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Number Freak: From 1 to 200- The Hidden Language of Numbers Revealed

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A compulsively readable look at the secret language of numbers- their role in nature, movies, science, and everything in between. What do Fight Club, wallpaper patterns, George Balanchine's Serenade, and Italian superstitions have in common? They're all included in the entry for the number 17 in this engaging book about numbers- detailing their unique properties, patterns, A compulsively readable look at the secret language of numbers- their role in nature, movies, science, and everything in between. What do Fight Club, wallpaper patterns, George Balanchine's Serenade, and Italian superstitions have in common? They're all included in the entry for the number 17 in this engaging book about numbers- detailing their unique properties, patterns, appeal, history, and lore. Author Derrick Niederman takes readers on a guided tour of the numbers 1 to 300-covering everything from basic mathematical principles to ancient unsolved theorems, from sublime theory to delightfully arcane trivia. Illustrated with diagrams, drawings, and photographs, plus 50 challenging mathematical brainteasers (with answers), this book will fascinate and engage readers of all levels of mathematical skill and knowledge. Includes such gems as: ? There are 42 eyes in a deck of cards, and 42 dots on a pair of dice ? In order to fill in a map so that neighboring regions never get the same color, one never needs more than four colors ? Hells Angels use the number 81 in their insignia because the initials H and A are the eighth and first numbers in the alphabet respectively


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A compulsively readable look at the secret language of numbers- their role in nature, movies, science, and everything in between. What do Fight Club, wallpaper patterns, George Balanchine's Serenade, and Italian superstitions have in common? They're all included in the entry for the number 17 in this engaging book about numbers- detailing their unique properties, patterns, A compulsively readable look at the secret language of numbers- their role in nature, movies, science, and everything in between. What do Fight Club, wallpaper patterns, George Balanchine's Serenade, and Italian superstitions have in common? They're all included in the entry for the number 17 in this engaging book about numbers- detailing their unique properties, patterns, appeal, history, and lore. Author Derrick Niederman takes readers on a guided tour of the numbers 1 to 300-covering everything from basic mathematical principles to ancient unsolved theorems, from sublime theory to delightfully arcane trivia. Illustrated with diagrams, drawings, and photographs, plus 50 challenging mathematical brainteasers (with answers), this book will fascinate and engage readers of all levels of mathematical skill and knowledge. Includes such gems as: ? There are 42 eyes in a deck of cards, and 42 dots on a pair of dice ? In order to fill in a map so that neighboring regions never get the same color, one never needs more than four colors ? Hells Angels use the number 81 in their insignia because the initials H and A are the eighth and first numbers in the alphabet respectively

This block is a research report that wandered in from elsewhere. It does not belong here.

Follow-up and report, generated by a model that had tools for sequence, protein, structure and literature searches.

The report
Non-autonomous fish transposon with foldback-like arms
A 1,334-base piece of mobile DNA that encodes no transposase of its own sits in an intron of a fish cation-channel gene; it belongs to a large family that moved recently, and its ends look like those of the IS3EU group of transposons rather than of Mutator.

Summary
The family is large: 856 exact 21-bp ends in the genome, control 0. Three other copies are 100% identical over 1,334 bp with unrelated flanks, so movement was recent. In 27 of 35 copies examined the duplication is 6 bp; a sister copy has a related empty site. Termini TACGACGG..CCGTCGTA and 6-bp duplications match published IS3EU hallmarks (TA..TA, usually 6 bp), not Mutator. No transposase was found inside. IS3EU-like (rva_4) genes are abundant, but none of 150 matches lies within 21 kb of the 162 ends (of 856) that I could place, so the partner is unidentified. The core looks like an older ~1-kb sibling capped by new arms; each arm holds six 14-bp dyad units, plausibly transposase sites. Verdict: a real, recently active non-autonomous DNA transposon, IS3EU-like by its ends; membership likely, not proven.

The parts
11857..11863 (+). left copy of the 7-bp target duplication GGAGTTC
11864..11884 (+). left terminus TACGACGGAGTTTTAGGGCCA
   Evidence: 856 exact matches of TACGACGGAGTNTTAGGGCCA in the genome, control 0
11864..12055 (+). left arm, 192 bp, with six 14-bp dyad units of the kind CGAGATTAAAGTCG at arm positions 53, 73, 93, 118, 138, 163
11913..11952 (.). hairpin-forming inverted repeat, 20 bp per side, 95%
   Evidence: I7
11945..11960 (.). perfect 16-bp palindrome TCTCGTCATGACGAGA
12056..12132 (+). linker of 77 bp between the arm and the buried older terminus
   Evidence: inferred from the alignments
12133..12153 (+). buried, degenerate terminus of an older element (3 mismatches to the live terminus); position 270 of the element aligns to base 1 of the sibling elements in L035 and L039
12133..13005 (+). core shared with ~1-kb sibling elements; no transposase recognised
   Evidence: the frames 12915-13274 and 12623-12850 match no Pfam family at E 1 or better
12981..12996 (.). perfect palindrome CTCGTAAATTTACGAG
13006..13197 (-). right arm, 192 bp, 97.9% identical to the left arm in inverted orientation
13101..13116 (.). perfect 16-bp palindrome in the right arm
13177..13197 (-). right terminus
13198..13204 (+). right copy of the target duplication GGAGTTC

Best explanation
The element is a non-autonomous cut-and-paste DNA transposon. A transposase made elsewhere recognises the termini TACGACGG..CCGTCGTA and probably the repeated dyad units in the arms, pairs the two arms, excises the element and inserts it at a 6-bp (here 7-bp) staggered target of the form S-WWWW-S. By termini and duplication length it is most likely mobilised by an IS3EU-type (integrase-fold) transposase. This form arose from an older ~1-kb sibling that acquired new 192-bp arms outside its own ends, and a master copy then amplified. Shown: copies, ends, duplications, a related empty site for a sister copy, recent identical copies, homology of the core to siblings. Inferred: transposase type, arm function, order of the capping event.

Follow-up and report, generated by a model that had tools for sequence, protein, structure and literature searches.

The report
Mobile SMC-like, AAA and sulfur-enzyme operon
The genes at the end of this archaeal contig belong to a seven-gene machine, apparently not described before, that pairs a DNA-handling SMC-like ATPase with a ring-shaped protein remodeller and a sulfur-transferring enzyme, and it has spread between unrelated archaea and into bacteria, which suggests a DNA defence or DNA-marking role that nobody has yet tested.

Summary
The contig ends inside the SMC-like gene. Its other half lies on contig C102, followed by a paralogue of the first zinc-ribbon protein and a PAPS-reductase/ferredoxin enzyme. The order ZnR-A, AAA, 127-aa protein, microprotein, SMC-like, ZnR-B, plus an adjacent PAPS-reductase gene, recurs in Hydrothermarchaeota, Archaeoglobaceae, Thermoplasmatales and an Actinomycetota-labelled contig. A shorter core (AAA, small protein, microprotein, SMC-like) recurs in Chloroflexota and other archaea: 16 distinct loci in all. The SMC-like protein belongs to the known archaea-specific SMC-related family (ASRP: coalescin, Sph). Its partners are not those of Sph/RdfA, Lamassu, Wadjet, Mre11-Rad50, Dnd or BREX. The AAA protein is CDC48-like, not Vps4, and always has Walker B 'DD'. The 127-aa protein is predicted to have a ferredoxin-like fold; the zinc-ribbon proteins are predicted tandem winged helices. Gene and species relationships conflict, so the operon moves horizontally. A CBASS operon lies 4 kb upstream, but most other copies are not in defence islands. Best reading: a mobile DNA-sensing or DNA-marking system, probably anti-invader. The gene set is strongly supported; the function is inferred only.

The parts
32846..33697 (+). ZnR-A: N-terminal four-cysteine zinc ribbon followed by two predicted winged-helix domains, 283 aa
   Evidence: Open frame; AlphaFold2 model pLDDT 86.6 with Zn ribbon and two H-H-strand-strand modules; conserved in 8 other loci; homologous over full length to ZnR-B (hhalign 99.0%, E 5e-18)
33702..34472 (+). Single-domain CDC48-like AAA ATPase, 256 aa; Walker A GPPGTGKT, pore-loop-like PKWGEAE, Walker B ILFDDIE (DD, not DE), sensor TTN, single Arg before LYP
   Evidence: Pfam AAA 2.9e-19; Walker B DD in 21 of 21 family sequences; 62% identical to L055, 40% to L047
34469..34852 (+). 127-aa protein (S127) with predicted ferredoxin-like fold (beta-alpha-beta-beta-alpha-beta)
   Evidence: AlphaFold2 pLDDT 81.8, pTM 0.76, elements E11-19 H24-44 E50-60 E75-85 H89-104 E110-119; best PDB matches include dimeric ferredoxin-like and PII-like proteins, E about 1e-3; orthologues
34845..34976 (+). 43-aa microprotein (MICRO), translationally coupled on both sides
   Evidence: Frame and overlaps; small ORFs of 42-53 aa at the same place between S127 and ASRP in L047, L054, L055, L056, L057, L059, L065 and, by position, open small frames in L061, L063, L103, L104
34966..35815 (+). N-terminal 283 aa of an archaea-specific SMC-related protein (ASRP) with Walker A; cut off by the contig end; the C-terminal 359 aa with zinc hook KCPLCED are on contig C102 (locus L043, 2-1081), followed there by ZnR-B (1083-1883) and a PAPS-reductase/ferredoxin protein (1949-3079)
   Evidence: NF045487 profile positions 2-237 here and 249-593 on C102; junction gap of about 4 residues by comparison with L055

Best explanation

30 review for Number Freak: From 1 to 200- The Hidden Language of Numbers Revealed

  1. 5 out of 5

    James Carter

    Number Freak: From 1 to 200, The Hidden Language of Numbers Revealed is chockful of information about every natural number from 1 to 200 inclusive. My only gripe about it is that...what am I going to do with the trivial information? I'm not sure if I can do anything with a Keith number or a Vampire number. All in all, Number Freak: From 1 to 200, The Hidden Language of Numbers Revealed is good, but all of that information can be googled. Number Freak: From 1 to 200, The Hidden Language of Numbers Revealed is chockful of information about every natural number from 1 to 200 inclusive. My only gripe about it is that...what am I going to do with the trivial information? I'm not sure if I can do anything with a Keith number or a Vampire number. All in all, Number Freak: From 1 to 200, The Hidden Language of Numbers Revealed is good, but all of that information can be googled.

  2. 5 out of 5

    Mark Schnitzius

    Mostly superficial, but there were some interesting bits.

  3. 5 out of 5

    Katherine Johnston

    If you like numbers, you’ll like this entertaining book. If you don’t like numbers you’ll find this is still an enjoyable book to read, for the trivia if nothing else. The book title says it best, but don’t let math-phobia keep you from the fascinating world of numbers,...there are more surprises than you’d think!

  4. 5 out of 5

    Mdaly

    A book that can be dipped into for obscure and quirkly maths related to the numbers from 1 to 200.

  5. 4 out of 5

    Emma S.